Americans are fond of the idea that they can keep from doing "bad" drugs by taking "good" ones instead. The heroin/methadone model has actually been institutionalized: you can go to government-funded clinics to get methadone as "maintenance treatment" for heroin addiction — since both drugs bind to the same brain receptors. Experimental types in the '60s believed that LSD was a wonder drug that could cure alcoholism. The same claim was made during the '80s for a drug that was, at the time, perfectly legal and even used by a few psychotherapists: MDMA, a chemical now better known as ecstasy.
For decades, the holy grail in the search for good drugs to supplant bad ones has been a pill that might replace nicotine, which is powerfully addictive and — especially when delivered through cigarette smoke — incredibly dangerous. And in 2006, the holy grail seemed to have been found. Pfizer released Chantix, a drug the Food and Drug Administration (FDA) approved in May of that year to help smokers quit. Since then, doctors have written more than 6 million prescriptions for Chantix. It's no magic bullet. Chantix fails with most people who take it; fewer than half of those on the drug actually stop smoking. But going cold turkey works for fewer than one in 10 smokers, so Chantix is considered a great advance.
Now a new paper in the journal Biological Psychiatry says the drug, which carries the generic name varenicline, has also helped a group of regular drinkers consume less alcohol. So could varenicline be a new anti-addiction panacea?
The new study, which was conducted at Yale, is small but promising. Twenty regular drinkers (defined as those who consume at least one drink per day and, at least once a week, three or more drinks in a single sitting) took varenicline or a placebo daily for a week before showing up for the experiment. None was dependent on alcohol, and none had tested positive for illicit drugs. At around 3 p.m. on the day of the experiment, all were asked to drink a cocktail of their choosing. Afterward, if they wanted, they could have more cocktails. The 10 who had taken varenicline drank an average of just .5 drinks after their first cocktail. By contrast, the 10 who were taking placebos consumed 2.6 drinks. Eight people in the varenicline group declined all further drinks after their first, compared with only three in the control group. (It's worth noting that the varenicline takers also smoked far fewer cigarettes than the placebo group during the 14-hour the experiment. Everyone who participated was a regular smoker.)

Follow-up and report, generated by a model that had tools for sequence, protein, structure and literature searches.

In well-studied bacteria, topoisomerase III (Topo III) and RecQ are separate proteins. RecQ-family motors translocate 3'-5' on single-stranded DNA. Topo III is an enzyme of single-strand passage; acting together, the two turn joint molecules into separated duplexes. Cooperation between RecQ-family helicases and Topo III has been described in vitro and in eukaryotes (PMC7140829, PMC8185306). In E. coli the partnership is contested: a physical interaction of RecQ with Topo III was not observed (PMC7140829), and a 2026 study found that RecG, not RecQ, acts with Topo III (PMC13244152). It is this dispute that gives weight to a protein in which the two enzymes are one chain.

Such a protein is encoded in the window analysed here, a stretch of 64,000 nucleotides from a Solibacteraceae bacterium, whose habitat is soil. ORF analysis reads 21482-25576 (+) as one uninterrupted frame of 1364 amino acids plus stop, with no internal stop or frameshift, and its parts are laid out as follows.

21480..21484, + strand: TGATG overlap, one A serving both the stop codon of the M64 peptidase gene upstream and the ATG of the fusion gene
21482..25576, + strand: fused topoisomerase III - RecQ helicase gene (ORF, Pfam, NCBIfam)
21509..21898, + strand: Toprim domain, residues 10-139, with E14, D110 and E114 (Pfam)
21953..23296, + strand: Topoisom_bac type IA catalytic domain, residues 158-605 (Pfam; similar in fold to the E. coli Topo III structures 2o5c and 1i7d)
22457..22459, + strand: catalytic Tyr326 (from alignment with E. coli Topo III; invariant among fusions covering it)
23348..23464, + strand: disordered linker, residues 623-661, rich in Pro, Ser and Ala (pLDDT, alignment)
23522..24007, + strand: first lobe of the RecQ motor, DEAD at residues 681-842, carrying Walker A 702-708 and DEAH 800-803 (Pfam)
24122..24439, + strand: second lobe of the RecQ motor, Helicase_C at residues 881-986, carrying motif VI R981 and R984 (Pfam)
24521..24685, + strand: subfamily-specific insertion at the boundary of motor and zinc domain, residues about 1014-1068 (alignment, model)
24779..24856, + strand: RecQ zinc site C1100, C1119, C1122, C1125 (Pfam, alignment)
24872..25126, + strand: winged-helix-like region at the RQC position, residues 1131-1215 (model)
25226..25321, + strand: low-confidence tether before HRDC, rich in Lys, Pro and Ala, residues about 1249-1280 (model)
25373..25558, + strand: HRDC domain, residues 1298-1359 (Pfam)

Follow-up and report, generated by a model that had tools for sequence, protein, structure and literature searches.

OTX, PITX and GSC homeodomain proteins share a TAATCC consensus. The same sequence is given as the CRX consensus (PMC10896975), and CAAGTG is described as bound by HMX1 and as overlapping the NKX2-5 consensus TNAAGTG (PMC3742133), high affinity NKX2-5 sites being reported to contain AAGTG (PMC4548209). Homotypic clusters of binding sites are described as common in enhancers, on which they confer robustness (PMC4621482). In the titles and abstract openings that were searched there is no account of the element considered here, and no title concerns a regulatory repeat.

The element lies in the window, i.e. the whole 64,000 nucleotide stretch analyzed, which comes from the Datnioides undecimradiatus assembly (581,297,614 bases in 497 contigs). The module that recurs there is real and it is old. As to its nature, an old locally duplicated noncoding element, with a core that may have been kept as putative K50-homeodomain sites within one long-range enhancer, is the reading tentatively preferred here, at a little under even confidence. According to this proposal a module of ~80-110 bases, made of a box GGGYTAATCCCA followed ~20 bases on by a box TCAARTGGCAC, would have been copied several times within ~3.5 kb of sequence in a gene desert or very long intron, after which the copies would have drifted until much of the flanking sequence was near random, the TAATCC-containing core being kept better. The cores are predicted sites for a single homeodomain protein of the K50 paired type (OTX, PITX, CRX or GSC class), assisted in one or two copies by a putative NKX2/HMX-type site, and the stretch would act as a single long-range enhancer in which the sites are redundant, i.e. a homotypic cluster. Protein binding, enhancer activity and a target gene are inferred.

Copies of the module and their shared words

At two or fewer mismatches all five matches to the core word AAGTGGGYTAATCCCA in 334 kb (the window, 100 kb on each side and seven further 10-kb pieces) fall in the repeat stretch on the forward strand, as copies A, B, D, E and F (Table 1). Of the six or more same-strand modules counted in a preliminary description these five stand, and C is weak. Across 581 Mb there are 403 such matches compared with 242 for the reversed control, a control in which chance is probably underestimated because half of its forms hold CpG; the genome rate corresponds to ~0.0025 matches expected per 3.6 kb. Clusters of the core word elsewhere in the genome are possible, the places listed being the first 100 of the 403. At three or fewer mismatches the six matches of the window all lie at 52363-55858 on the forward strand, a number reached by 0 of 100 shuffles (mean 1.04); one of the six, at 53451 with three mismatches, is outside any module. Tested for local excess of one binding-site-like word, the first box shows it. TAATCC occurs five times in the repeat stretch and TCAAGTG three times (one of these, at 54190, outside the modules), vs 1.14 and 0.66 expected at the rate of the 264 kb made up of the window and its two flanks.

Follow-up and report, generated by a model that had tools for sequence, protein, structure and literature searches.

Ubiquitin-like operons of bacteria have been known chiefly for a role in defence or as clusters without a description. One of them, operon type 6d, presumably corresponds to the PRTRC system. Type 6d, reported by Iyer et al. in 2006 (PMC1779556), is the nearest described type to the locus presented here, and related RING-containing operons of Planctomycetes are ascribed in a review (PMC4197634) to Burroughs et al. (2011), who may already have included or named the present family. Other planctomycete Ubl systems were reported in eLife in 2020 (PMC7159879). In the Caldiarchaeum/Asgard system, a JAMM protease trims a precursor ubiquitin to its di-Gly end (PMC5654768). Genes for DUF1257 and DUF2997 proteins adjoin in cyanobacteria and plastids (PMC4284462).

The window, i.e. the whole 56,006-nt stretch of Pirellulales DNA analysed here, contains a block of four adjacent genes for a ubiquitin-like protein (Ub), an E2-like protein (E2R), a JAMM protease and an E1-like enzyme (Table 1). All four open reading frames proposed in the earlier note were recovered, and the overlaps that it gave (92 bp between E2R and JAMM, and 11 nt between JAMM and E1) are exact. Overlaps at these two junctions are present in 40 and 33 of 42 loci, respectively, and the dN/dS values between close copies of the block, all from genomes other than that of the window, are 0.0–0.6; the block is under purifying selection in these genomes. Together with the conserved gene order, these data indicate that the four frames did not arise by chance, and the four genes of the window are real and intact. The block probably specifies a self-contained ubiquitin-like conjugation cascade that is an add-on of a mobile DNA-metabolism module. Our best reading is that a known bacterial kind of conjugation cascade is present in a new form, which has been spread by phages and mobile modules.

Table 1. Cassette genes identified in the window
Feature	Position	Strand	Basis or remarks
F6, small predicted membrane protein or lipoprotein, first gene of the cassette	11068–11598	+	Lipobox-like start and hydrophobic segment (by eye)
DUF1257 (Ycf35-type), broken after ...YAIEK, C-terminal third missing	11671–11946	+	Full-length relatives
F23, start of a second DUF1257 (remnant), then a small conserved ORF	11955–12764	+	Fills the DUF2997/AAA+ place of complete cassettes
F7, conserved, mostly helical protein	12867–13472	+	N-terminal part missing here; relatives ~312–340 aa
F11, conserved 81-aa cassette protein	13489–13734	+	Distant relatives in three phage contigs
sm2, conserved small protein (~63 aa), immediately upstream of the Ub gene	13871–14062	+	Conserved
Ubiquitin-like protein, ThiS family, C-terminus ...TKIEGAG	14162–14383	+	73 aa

But there's a downside. Varenicline reduces cravings for nicotine or alcohol by blocking brain receptors that release dopamine, the key neurotransmitter that plies the brain's reward pathways and lays down roots of addiction. Typically, your brain gets a shot of dopamine every time you have a drink or — if you're a regular smoker — every time you drag on a cigarette. (Or, for that matter, every time you do anything pleasurable, like win at a craps table or snort a bump of coke or crystal meth.)
But in blocking dopamine, varenicline also seems to block all experiences of joy in some people. Last year, the writer Derek de Koff (who was a longtime smoker and also — full disclosure — an acquaintance of mine) wrote a harrowing New York magazine account of his experience with varenicline. He experienced awful hallucinations while taking the drug — he wrote about speaking to a man in a bar who turned out to be a shadow cast by a potted plant. De Koff also became despondent. "I wondered whether [varenicline] was zapping my brain's pleasure-delivery system to such a degree that not only did I find no reward in cigarettes, but I also found no reward in socializing, exercising, writing, or any of my usual self-stimulating tricks," he wrote. De Koff thought about throwing himself in front of a bus or launching his head into his computer.
He isn't alone. Last year, the FDA issued an alert noting that "serious neuropsychiatric symptoms have occurred in patients taking [varenicline] � These symptoms include changes in behavior, agitation, depressed mood, suicidal ideation, and attempted and completed suicide." The deaths of a musician and a TV executive have been linked to use of the drug.
It should be noted that dozens of psychiatric medications over the years have worked by blocking dopamine, and all carry side effects. Some powerful dopamine blockers used as antipsychotic medications can lead to tardive dyskinesia — long-term, repetitive, and involuntary body movements.
Varenicline is a more sophisticated pharmaceutical, but it is only the most recent anti-drinking drug that has negative side effects. Some of these side effects are considered to be the treatment itself: disulfirman, also known as Antabuse, which has been used with alcoholics for many years, causes hypotension and vomiting when a person has alcohol. Naltrexone, which blocks opioid receptors in the brain, is another option for chronic drinkers, but it can cause nausea.
Similarly, varenicline can be harmful even as it is helping. In another new study, this one published in the Journal of General Internal Medicine, a team led by Seattle researcher Jennifer McClure found that a group of smokers with a previous history of depression experienced irritability, anxiety and depressive symptoms slightly more frequently while trying to quit with varenicline than smokers with no prior history of depression.
The study did find that among the 1,117 patients who took varenicline, 43% were cigarette-free after three months. But the balance of evidence so far seems to point to one conclusion: trying to quit one drug by taking another may do as much harm as good. Sure, swallowing a pill is better than poisoning your lungs with smoke or pickling your liver with bourbon, but you shouldn't fool yourself into thinking the pill can't hurt you.
By John Cloud Sunday
Mar. 08, 2009